Deborah Amos

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New evidence presented in a Washington, D.C., federal court claims that American journalist Marie Colvin was killed in a targeted assassination by the Syrian regime in 2012.

Colvin, who was 56 when she died, was reporting on the Syrian war for The Sunday Times of London. Rémi Ochlik, a 28-year-old French freelance photojournalist, died in the same attack in the western Syrian city of Homs.

As Christians all over the world celebrate Easter weekend, dozens of fellow faithful are growing weary — waiting for the virtual gates of America's refugee services to reopen.

With Saudi Crown Prince Mohammed bin Salman embarking on a nearly three-week road show across the United States, he will have one major hurdle: Americans don't like his country very much.

Despite a 75-year economic and military alliance with Saudi Arabia and regular royal visits, 55 percent of Americans have an unfavorable view of the kingdom, according to a Gallup poll in February.

Even longtime U.S. adversaries like China and Cuba have scored more favorably.

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Saudi Arabia replaced a generation of its military leadership, for the first time opened some military jobs to women and promoted a woman to a top post at the Labor Ministry, in a series of rare steps in the ultraconservative kingdom.

Reported by the official Saudi Press Agency late Monday, the royal decrees are the latest move in a dramatic campaign to overhaul the country's institutions led by Crown Prince Mohammed bin Salman, the powerful son of Saudi Arabia's King Salman bin Abdul-Aziz Al Saud.

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Last year began with an angry phone call about refugees, famously leaked later. The newly inaugurated Donald Trump exploded when Australia's prime minister, Malcolm Turnbull, asked him to honor a U.S. pledge to resettle some 1,200 refugees from Australia's offshore detention centers.

"This is a stupid deal," Trump fumed to an astonished Turnbull. "This shows me to be a dope."

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The Saudi prince behind the weekend's unprecedented arrest of high-level Saudi officials and businessmen is known as young and brash, and has even been called reckless. He is also known to be in tune with Saudi Arabia's youth; those under 25 make up a majority of the country's population.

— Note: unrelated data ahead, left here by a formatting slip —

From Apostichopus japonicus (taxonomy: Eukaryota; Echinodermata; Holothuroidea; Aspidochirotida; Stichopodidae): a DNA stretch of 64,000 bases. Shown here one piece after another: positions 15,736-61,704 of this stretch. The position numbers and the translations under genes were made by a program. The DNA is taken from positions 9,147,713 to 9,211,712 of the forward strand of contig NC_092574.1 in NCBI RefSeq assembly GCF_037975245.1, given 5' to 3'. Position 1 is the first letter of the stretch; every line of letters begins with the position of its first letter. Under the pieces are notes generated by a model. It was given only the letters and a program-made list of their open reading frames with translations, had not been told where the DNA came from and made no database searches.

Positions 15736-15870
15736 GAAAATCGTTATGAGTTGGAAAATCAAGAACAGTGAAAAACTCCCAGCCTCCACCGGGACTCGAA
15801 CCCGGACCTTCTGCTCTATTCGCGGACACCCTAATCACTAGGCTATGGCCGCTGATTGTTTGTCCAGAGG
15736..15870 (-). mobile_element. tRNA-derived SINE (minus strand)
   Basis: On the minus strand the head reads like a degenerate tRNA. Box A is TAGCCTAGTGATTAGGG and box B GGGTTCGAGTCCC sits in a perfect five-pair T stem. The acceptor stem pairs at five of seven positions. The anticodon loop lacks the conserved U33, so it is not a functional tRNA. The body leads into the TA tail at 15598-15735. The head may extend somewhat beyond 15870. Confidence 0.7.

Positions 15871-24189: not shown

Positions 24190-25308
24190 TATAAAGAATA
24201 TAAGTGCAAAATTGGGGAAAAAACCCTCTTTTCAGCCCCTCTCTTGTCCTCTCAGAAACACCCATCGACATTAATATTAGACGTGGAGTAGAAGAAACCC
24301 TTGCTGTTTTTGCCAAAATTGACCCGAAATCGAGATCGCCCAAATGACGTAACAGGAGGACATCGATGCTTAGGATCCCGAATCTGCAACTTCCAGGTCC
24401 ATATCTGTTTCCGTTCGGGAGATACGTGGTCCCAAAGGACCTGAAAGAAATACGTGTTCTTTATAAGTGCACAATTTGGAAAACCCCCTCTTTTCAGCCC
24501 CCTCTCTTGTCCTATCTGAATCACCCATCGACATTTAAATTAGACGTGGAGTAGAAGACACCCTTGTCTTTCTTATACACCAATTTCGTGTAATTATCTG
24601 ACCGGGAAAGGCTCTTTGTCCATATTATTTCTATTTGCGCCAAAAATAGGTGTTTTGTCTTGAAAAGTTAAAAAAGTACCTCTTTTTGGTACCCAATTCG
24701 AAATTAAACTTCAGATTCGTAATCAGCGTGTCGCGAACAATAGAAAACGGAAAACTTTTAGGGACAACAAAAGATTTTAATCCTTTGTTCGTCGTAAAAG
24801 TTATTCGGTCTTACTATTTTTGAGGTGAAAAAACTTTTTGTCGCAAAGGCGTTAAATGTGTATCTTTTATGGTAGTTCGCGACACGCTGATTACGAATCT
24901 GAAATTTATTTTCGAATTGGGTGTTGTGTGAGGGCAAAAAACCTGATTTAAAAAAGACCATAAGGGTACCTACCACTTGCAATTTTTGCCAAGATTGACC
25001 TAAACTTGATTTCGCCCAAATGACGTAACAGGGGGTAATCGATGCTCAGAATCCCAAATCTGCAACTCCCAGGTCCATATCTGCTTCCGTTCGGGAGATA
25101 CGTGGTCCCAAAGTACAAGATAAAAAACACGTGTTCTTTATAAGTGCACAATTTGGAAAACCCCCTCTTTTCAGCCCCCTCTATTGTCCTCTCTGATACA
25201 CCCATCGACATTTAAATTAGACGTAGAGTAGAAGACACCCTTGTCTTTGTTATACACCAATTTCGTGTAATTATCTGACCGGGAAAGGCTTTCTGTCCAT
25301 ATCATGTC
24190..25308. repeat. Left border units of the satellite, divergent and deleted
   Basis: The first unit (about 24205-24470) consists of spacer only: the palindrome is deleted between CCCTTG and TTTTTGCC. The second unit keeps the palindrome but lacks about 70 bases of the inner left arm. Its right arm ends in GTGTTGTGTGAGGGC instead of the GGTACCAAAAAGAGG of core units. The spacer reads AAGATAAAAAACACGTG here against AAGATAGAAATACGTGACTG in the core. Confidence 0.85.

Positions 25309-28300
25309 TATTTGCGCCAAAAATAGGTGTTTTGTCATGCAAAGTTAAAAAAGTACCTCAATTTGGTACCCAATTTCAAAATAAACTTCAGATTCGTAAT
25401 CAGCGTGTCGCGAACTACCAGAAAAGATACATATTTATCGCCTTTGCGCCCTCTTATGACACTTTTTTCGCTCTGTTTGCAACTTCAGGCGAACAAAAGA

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In Saudi Arabia, women are celebrating the king's decision allowing women to drive.

MADEHA AL AJROUSH: As a woman, I really feel that my self-dignity and respect is returned.

Saudi Arabia, a close ally of the United States, is not known for surprises. But in a sudden shift in power, the 31-year-old son of the 81-year-old Saudi king moved one step closer to the throne on Wednesday.

King Salman bin Abdul-Aziz Al Saud promoted Mohammed bin Salman, his youngest son, to crown prince. At the same time, the king ended the career of his nephew, 57-year-old Mohammed bin Nayef, the previous crown prince, who had served as interior minister since 2015.

Groups that resettle refugees in the United States are facing uncertainty, disarray and possible deep budget cuts as a result of President Trump's executive order on immigration, even after a California appeals court has temporarily halted enforcement.

Here's why:

The federal appeals court that blocked the president's travel ban on people from seven majority-Muslim nations did not directly rule out two provisions in the executive order. Refugee resettlement agencies are scrambling to figure out what they will do if those provisions survive.

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